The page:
But whether one is suitably informed or not, one cannot deny that there is something slightly amiss with the weather these days. Every year one reads increasingly alarming reports of record-breaking extremes; heavier than usual rainfall, stronger and stronger winds, more hurricanes than ever before, flooding and like. It really does paint a very worrying picture. But one has to ask, is this just a case of the media exaggerating events to fit their own agenda? Or is there really something behind all the stories.
I know that my father was very much in the doubting camp. He claimed that all the talk of global warming was total rot. He would often remind us of the really bad winters we had back in my younger days, and the droughts and water shortages that plagued the country for several years at a time. And what about those long past winters when the Thames froze over and they were able to hold winter fairs on the ice. No, to him it was all very clear and he would have none of it, despite what the scientists say.
And I have to admit that his argument was very persuasive and it was one I shared until very recently. That is not to say that I have completely changed my mind, but I am becoming more and more convinced that most of the people I hear opposing the idea of climate change are those who have a vested interest in the status quo. But I suppose that is true of anything, nobody likes change, particularly those who have something to lose by it.
Anyway, the talk around the bar became rather heated at one point, with some of the chaps claiming it is all a conspiracy and others saying that even if it was true, it won’t affect them so why worry about it. I may not be particularly knowledgeable about these things but I do think that when so many respected scientists are all telling you the same thing, it probably makes sense to listen.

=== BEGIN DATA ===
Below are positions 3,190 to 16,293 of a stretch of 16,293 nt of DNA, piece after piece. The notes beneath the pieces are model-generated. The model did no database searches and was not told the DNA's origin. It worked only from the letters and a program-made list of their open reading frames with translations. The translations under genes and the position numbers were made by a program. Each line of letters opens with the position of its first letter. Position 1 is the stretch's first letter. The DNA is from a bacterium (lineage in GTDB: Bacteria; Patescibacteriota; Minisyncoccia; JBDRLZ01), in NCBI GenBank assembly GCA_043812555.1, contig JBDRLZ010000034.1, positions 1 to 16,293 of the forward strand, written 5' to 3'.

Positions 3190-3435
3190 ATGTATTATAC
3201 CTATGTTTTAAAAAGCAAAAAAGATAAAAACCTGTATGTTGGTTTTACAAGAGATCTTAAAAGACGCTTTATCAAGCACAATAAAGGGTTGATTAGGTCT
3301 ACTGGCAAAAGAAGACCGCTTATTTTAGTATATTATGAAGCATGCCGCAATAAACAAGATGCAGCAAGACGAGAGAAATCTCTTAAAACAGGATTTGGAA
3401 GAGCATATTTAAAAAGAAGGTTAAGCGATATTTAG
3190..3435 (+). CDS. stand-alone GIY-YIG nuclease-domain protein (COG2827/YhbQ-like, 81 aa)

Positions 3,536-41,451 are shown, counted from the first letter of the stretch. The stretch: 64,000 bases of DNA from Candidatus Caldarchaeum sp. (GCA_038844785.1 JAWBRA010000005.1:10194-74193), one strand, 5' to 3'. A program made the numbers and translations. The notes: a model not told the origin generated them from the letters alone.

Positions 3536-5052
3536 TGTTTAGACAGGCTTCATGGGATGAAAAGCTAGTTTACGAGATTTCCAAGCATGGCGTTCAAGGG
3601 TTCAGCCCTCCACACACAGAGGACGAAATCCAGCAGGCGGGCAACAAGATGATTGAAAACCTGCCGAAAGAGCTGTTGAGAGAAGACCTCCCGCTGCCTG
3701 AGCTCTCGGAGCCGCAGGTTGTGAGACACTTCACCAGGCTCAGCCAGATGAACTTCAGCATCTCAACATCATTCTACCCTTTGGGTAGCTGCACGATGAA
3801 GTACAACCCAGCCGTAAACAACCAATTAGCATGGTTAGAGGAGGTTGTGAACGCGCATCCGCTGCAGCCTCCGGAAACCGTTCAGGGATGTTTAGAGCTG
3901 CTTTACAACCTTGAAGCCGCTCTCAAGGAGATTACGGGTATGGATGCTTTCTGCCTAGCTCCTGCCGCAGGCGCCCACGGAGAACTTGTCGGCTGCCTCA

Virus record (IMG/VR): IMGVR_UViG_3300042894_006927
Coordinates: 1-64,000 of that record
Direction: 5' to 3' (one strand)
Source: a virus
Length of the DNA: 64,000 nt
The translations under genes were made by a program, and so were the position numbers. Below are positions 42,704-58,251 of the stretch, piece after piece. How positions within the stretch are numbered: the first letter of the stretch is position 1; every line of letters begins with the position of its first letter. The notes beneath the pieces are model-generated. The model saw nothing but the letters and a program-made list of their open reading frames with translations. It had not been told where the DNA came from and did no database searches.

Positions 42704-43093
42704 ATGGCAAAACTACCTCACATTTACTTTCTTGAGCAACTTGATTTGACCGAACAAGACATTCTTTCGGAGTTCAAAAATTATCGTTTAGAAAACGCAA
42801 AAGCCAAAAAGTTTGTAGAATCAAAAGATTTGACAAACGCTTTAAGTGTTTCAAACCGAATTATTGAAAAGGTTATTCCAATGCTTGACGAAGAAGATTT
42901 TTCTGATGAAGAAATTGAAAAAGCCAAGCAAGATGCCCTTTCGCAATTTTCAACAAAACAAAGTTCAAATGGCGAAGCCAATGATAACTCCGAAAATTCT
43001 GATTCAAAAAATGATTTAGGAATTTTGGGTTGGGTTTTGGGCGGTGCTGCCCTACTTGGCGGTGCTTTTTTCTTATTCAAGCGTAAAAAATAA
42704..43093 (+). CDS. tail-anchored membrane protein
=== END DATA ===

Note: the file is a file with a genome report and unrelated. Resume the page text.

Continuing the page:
I am not particularly happy when discussions of this mature get too heated, so I made my excuses and left. All the way home I thought about the various things that were said on both sides. Whilst I am not entirely convinced that there is a problem, one cannot ignore the weight evidence that says there is. I am sure the debate will rumble on at the Club and elsewhere. I wonder what Hope or Dorothy have to say on the subject.
Talking of Dorothy, she told me this morning that she and Angela have found themselves a flat and are planning to move in around Easter. I have to admit that I had hoped it would take them a little longer to find their own place. Purely for selfish reasons, I admit – I am going to miss them both. Although Dorothy has only been staying with me for a few months, I find it difficult to imagine the place without her. Although she tends to keep herself to herself, it has been rather nice just having her there when I need someone to talk to or to watch old black and white films with.
I haven’t heard from Hope this week. I presume she has been busy with the gallery. I did try to speak to her on Monday but she was out for lunch, I presume with a client. I have been invited to a bit of a do in the country next month and I would love it if she were able to join me. I am planning to make a weekend of it, staying at a lovely little place I know in the Cotswolds. I will have to try her again tomorrow.
This evening I am joining dear old Uncle George at his club for some kind of celebratory dinner. It involves some political chappies so it is bound to be a frightful bore, but one has to support one’s family.